Outdoors | Nighttime can be prime time to catch tarpon

The ability to catch fish comes with timing. Being in the right place at the right time means everything. This is especially true when tarpon fishing.

I grew up tarpon fishing only in the evenings. We would head out after work, school, sports, or whatever daily activity there was. We would anchor at Egmont Key, drifting large threadfin and pilchards along the bar for passing fish. It was very productive and, in my opinion, much easier than chasing fish up and down the beach. Good nights produced nonstop bites that lasted well into the morning.

While some nights are better than others, that strategy still works. Eric Pullen has been timing his fishing trips to when the tarpon are hungry this summer.

"I work during the day so don't get to leave until 5 or 5:30 p.m.," Pullen said. "After catching bait, we're usually not fishing until 6:30 p.m. The nice thing about the evenings is there are less boats and hungry fish."

Anglers like Pullen have noticed the extreme amount of boats fishing at Bean Point in recent weeks during the morning and afternoon hours. Most of the time, this is a case of anglers following the crowd thinking it may be the best strategy. Courtesy often is lost, frustrating those who try to be mindful of others. As the evening sets in or storms approach, the crowd dwindles and the fishing usually gets better.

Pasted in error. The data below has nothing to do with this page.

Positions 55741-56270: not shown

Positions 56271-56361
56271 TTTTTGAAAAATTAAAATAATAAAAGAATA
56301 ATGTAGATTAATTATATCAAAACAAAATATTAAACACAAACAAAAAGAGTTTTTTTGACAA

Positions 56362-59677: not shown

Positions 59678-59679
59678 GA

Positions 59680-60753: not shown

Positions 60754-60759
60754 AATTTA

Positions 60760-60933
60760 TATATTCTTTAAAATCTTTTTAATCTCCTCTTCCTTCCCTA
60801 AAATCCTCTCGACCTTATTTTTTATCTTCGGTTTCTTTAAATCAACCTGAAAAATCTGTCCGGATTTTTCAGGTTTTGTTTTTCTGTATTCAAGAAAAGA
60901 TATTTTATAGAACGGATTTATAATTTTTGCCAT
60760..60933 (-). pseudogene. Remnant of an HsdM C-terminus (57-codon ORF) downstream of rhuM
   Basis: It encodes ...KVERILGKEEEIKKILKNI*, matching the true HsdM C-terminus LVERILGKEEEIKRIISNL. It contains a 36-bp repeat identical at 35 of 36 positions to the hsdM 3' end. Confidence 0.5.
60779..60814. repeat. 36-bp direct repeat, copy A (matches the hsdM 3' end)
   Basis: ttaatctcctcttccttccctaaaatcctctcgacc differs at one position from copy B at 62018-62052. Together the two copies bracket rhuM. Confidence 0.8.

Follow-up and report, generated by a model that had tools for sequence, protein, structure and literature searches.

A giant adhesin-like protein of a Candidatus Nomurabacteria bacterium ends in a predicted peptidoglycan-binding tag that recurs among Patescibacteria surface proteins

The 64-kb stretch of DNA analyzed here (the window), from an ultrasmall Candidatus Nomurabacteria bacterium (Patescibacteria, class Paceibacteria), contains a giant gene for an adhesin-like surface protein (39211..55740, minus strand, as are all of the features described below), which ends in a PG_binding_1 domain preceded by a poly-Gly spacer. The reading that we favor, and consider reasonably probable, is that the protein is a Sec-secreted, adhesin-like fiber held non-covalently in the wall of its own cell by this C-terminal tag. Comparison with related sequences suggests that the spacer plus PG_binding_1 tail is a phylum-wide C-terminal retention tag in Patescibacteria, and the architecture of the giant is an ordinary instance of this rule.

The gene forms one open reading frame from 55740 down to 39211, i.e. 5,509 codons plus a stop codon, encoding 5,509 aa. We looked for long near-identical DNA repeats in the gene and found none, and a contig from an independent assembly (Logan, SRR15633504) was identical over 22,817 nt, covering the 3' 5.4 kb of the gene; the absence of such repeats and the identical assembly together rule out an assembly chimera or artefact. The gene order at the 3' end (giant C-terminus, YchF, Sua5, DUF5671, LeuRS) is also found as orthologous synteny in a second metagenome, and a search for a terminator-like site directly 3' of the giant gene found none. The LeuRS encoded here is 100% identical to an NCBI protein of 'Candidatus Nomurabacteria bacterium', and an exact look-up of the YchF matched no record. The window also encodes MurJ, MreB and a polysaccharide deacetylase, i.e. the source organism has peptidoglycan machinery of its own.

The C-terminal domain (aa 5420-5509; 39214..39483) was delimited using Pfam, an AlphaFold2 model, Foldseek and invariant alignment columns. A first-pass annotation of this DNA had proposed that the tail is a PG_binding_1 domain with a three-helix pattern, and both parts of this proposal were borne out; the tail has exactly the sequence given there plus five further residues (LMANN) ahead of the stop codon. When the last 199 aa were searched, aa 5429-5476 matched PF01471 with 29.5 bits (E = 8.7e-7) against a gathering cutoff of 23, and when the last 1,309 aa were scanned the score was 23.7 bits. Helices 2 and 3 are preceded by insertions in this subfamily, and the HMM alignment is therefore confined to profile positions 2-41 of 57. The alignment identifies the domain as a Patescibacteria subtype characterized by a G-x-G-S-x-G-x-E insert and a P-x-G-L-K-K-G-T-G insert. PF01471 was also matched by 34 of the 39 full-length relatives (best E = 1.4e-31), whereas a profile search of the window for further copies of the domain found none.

"Last Sunday, the fish came up 15 minutes before sunset. Most boats left right before last light when the bite turned on.

"Some nights, storms approach and we take cover while they pass, maybe grab a beer at Rod & Reel pier. We head back out and fish in the dark where the fish should be, and it works. We've hooked more than a dozen fish in the dark this summer."

The best bites have been when tides are moving. On outgoing tides pass crabs have been the best bait, while on incoming tides large threadfin or chumming dead bait seems to be most effective.

Perhaps the most important thing to having a night with a high number of bites is to remember that fighting tarpon for a long period of time is not good for the fish. Use heavier tackle, tighten down drags, and put the heat on -- especially when the bite is on. This will result in a quicker catch, healthier release to fish, or worst case scenario a break off and you're back to fishing again in no time. The first few minutes of a tarpon fight is the best, while the rest seems more like work.

The weeks ahead will see changing patterns for tarpon. As late summer approaches, schools of fish will head offshore for days at a time to spawn around the full moon. Others will move into the bay or start heading south. Some of the best nights I remember were when tarpon gorged themselves in preparation for the spawn, leaving all anglers with sore arms and high spirits.

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